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Children of Chinatown

Growing Up Chinese American in San Francisco, 1850-1920

Wendy Rouse Jorae

Publication Year: 2009

Wendy Jorae challenges long-held notions of early Chinatown as a bachelor community by showing that families--and particularly children--played important roles in its daily life. She explores the wide-ranging images of Chinatown's youth created by competing interests with their own agendas--from anti-immigrant depictions of Chinese children as filthy and culturally inferior to exotic and Orientalized images that catered to the tourist's ideal of Chinatown. All of these representations, Jorae notes, tended to further isolate Chinatown at a time when American-born Chinese children were attempting to define themselves as Chinese American. Facing barriers of immigration exclusion, cultural dislocation, child labor, segregated schooling, crime, and violence, Chinese American children attempted to build a world for themselves on the margins of two cultures. Their story is part of the larger American story of the struggle to overcome racism and realize the ideal of equality.

Published by: The University of North Carolina Press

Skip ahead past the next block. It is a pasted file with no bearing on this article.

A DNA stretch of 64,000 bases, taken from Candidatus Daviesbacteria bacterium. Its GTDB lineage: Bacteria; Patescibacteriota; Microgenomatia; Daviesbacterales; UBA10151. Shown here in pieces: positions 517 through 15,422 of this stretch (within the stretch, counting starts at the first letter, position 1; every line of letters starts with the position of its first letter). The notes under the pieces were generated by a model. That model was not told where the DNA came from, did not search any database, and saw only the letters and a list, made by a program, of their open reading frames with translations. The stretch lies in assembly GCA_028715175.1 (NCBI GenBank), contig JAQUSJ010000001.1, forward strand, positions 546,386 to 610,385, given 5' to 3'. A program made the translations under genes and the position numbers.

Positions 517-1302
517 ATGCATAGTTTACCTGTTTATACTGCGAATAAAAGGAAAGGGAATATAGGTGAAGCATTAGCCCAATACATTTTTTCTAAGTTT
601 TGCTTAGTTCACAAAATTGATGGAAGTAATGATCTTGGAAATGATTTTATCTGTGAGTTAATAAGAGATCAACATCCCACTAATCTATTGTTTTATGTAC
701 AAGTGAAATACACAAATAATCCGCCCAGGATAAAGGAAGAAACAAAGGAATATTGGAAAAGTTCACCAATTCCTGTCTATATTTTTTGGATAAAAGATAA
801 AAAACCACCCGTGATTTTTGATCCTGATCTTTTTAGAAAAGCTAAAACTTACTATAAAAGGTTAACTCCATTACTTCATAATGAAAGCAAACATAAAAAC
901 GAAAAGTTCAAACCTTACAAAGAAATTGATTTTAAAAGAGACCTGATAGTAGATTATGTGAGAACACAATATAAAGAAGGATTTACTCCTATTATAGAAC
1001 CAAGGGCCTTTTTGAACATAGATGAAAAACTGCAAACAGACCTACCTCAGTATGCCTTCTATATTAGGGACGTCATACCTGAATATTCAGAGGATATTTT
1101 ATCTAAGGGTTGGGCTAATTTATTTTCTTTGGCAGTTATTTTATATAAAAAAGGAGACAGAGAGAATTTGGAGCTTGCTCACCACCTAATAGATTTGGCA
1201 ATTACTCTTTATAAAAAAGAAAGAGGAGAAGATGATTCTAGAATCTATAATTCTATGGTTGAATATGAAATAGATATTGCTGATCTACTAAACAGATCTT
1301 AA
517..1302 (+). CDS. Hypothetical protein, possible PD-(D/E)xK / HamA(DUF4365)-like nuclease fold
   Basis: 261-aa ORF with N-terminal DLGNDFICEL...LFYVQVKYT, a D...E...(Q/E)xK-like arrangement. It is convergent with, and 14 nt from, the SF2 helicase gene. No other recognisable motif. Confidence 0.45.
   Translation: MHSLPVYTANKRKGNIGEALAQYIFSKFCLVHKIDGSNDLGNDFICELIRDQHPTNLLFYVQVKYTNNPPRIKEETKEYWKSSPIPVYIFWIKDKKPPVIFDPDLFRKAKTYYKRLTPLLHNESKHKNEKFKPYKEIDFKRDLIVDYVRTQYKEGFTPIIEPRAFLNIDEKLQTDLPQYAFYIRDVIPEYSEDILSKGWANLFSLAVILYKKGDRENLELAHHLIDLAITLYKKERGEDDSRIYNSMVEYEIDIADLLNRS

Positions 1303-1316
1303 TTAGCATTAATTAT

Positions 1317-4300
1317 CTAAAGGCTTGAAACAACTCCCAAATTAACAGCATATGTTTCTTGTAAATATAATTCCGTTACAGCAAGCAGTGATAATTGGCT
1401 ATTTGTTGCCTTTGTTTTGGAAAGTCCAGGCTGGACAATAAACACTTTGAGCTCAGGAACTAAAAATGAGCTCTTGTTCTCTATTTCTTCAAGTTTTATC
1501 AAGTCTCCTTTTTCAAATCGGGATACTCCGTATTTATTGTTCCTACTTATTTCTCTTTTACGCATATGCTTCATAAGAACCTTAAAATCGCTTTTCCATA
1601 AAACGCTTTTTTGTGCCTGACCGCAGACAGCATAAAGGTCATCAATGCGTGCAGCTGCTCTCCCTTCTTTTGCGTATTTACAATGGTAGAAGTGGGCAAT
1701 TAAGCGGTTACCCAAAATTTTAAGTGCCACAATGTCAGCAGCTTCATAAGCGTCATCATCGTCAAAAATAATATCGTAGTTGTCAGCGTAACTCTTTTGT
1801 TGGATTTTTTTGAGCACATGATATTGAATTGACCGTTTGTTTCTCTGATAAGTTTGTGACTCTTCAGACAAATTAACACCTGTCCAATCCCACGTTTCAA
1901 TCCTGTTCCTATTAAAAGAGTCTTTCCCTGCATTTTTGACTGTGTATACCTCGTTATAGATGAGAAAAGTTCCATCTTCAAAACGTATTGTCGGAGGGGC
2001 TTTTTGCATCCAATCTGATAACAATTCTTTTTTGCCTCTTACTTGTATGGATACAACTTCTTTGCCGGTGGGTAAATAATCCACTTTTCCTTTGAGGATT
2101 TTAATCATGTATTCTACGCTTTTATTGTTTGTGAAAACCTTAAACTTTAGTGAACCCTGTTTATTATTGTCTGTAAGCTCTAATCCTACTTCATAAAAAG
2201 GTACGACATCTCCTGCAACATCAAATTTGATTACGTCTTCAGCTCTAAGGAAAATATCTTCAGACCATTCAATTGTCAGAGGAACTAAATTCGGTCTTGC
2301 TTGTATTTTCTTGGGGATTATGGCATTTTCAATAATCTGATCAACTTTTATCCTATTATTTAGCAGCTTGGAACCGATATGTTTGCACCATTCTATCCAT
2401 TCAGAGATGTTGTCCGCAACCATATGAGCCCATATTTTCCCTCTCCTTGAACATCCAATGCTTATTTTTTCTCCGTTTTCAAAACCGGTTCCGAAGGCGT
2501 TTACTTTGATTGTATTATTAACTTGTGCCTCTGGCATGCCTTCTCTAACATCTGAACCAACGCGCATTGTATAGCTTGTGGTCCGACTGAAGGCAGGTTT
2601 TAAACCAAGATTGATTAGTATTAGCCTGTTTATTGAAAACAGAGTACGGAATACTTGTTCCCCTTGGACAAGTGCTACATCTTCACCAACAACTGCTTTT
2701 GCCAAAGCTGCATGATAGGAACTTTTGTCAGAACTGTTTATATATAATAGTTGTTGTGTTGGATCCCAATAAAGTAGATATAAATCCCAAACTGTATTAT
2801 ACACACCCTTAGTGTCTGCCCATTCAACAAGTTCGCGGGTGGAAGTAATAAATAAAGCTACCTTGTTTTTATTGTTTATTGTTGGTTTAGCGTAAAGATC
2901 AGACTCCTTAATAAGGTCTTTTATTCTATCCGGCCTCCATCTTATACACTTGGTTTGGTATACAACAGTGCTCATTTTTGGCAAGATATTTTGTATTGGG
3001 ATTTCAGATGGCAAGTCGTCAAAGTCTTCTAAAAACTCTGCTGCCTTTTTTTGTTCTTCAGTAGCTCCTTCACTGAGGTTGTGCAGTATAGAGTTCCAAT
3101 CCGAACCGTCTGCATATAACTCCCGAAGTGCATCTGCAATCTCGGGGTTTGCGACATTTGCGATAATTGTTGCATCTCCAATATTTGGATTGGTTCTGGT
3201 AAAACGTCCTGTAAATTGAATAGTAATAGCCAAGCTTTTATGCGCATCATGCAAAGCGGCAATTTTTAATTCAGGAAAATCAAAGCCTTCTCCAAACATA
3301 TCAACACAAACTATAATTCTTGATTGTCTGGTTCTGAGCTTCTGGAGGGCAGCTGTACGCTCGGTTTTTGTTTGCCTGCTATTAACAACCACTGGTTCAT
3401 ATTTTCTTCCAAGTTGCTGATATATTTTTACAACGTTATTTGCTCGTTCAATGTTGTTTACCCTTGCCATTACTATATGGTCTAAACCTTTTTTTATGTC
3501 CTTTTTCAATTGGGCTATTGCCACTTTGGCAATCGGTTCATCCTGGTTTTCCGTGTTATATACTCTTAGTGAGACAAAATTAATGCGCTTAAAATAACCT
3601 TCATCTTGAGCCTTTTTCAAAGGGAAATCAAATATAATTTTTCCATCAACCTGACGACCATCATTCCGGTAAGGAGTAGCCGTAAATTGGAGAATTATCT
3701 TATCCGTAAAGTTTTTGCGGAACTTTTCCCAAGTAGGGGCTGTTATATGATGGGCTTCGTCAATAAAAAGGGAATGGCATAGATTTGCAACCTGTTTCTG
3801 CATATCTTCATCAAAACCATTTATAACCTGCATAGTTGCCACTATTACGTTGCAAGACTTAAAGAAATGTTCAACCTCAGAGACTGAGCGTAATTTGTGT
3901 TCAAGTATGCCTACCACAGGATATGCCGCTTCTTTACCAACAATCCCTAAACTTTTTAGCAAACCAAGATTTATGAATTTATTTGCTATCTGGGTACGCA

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Title Page, Copyright Page

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pp. xi-xvi

I have accumulated many debts throughout this project, and there are numerous individuals and institutions whose support was instrumental in the completion of the final manuscript...

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INTRODUCTION: Constructing Childhood in Early Chinatown: Image versus Reality

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pp. 1-8

When one imagines San Francisco’s nineteenth-century Chinatown, Chinese children do not usually figure prominently in the picture. Scholars of Chinese American history have focused primarily on the story of male Chinese immigrants; only within the last two decades...

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CHAPTER 1: The Immigration of Chinese Children and the Chinese Question

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pp. 9-41

Lee Him arrived in San Francisco on the Steamer Rio De Janeiro on January 7, 1888.1 The boy was only one of thousands of Chinese children who had passed through the port of San Francisco since the 1850s. Immigrants arriving from China in the 1850s and 1860s...

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CHAPTER 2: Recentering the Chinese Family in Early Chinese American History

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pp. 42-77

Zona Gale, writing for the San Francisco Chronicle in 1903, described her visit to the home of Foo Tai, a Christian Chinese woman and president of the Woman’s Society of the Baptist Mission. Curiosity about the home life of Christianized Chinese prompted Gale’s visit...

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CHAPTER 3: For the Family Back Home: Chinese Children at Work

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pp. 78-109